Better yet, any team could replicate this methodology and apply actual data from any given pitcher during bullpen sessions, making the hypothetical adding of a pitch more concrete. In this way the pitcher in question isn’t looking at the league-wide average for a new pitch, but rather specific data for their own arsenal. All it takes is relevant data from the new pitch to be added, which can then be compared/contrasted with their existing repertoire and data. One way to show that a pitch may be ready for “prime time” is when it generates a favorable tunneling profile.
Here’s a solution that’s even simpler than our first hypothetical above. Simply mixing pitches differently can produce different results. For example, using a slider and curveball back-to-back could produce better results for a pitcher than his typical fastball > curveball sequence. Looking through the data can help identify underutilized pitch combinations, allowing a pitcher to enhance the effects of their existing offerings.
This solution could quickly and easily be implemented by every pitcher in baseball without the pesky need to tinker with new pitches, grips, etc.
Let’s suppose that a hypothetical pitcher, we’ll call him Pitcher A, throws a curveball. Through analysis of Pitcher A’s tunnel and break differentials his team discovers that his favorite sequence of fourseam > curveball produces a relatively small tunnel window, but also a small break differential. Through tweaking of this pitch in accordance with spin axis and spin rate data, the team could help Pitcher A to adjust his grip and change the shape of the curve. This new curveball shape could then produce a more optimal ratio of tunnel differential to break differential, thus enhancing that sequence.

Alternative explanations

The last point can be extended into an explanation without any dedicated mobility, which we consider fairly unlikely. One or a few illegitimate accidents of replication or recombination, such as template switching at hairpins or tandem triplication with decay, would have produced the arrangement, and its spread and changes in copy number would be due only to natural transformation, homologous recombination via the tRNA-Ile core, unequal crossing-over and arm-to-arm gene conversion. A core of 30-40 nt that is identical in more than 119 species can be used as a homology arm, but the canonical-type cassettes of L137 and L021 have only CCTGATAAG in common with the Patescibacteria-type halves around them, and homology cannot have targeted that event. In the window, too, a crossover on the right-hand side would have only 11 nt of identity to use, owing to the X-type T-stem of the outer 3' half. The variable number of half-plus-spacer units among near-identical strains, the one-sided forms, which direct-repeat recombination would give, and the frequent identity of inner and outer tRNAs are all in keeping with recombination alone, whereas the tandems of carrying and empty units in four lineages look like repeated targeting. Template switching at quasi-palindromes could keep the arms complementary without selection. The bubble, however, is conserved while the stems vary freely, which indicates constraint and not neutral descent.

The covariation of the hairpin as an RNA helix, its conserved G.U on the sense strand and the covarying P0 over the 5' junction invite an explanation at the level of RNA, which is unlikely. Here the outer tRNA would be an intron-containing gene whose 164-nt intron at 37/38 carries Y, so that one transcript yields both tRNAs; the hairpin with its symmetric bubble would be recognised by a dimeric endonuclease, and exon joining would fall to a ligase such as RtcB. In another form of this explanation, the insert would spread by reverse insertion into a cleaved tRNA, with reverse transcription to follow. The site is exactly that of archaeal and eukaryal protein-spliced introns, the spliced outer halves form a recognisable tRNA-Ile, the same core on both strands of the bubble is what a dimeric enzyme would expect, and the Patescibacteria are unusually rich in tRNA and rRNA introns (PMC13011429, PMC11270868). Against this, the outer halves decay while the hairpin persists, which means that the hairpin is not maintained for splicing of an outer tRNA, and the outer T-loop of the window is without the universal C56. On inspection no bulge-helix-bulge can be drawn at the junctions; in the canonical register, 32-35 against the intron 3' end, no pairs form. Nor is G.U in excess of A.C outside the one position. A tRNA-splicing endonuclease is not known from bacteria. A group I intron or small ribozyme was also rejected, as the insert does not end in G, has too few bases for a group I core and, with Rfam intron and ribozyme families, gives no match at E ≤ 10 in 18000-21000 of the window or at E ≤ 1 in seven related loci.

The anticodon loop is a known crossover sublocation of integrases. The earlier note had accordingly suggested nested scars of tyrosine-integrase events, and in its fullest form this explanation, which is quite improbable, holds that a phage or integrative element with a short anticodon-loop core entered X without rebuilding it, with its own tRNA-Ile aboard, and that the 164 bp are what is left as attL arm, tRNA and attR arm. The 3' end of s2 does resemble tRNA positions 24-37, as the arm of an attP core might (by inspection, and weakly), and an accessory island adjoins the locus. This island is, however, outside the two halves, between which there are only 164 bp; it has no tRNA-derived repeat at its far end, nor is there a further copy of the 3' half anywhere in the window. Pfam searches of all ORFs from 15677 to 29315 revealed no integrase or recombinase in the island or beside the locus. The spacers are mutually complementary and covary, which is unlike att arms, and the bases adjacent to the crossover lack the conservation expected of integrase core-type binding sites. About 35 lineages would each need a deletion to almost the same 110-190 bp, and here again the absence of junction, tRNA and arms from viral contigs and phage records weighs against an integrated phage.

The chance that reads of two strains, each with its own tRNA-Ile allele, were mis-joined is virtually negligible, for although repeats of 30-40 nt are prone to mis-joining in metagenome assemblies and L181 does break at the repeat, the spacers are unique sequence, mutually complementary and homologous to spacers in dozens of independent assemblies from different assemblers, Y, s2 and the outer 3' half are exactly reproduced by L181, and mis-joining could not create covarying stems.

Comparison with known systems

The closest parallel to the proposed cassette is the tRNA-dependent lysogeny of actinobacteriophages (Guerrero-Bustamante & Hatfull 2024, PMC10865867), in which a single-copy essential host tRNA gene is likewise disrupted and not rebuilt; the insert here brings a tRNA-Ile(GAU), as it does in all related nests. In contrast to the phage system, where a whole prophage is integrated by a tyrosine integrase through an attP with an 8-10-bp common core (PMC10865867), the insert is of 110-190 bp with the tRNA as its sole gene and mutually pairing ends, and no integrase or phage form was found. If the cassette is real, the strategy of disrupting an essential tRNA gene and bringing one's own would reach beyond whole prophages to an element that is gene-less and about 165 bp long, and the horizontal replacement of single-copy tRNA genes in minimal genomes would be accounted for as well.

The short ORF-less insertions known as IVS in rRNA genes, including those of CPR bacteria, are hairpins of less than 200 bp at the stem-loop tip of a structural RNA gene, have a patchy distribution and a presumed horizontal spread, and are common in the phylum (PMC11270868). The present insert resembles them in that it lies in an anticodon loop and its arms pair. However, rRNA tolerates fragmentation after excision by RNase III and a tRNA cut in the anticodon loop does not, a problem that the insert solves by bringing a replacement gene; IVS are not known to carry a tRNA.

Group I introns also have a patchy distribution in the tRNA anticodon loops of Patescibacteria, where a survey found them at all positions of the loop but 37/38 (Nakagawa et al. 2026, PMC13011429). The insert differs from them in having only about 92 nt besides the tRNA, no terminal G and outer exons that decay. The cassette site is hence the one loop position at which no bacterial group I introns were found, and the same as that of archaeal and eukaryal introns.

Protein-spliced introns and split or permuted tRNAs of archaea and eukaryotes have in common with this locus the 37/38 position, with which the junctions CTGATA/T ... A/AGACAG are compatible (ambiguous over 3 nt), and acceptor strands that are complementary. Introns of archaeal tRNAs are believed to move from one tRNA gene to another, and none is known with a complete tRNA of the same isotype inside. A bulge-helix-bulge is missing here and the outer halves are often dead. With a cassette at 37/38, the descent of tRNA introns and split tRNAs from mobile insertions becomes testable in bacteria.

This same process could be replicated by any team and any pitcher for any pitch. Perhaps it’s a fastball that needs to be adjusted. Maybe it’s a slider or a changeup. Each pitcher will be able to identify which of their offerings could be easily tweaked to produce a better ratio, enhancing their ability to keep hitters guessing
So many people were a huge help in pulling this project together, but we’d be remiss if we didn’t mention Dan Brooks, Sam Miller, Alan Nathan, Bret Sayre, R.J. Anderson, Craig Goldstein, and the entire BP Stats team specifically
Relevant Previous Research
We’ve worked on this project for over two years, and have gone through many iterations of the data you now see on our stats pages. Along the way, we’ve found inspiration, assistance, and insight in a variety of places. Many of those works are listed below. If you really enjoyed this introduction to Pitch Tunnels, we recommend you explore the many pieces of research below that got us here:
[i] Based on a 90 mph pitch.
[ii] 23.8 feet or 23 feet, 9.6 inches to be exact.
[iii] Bartolo Colon, for example, threw 21 pitch type pairings in 2015. They were: CH>CH, CH>FA, CH>SI, CH>SL, FA>CH, FA>FA, FA>FC, FA>SI, FA>SL, FC>CA, FC>FC, FC>SI, SI>CH, SI>FA, SI>FC, SI>SI, SI>SL, SL>CH, SL>FA, SL>SI, SL>SL.
Jeff Long is an author of Baseball Prospectus. Follow @JeffLongBP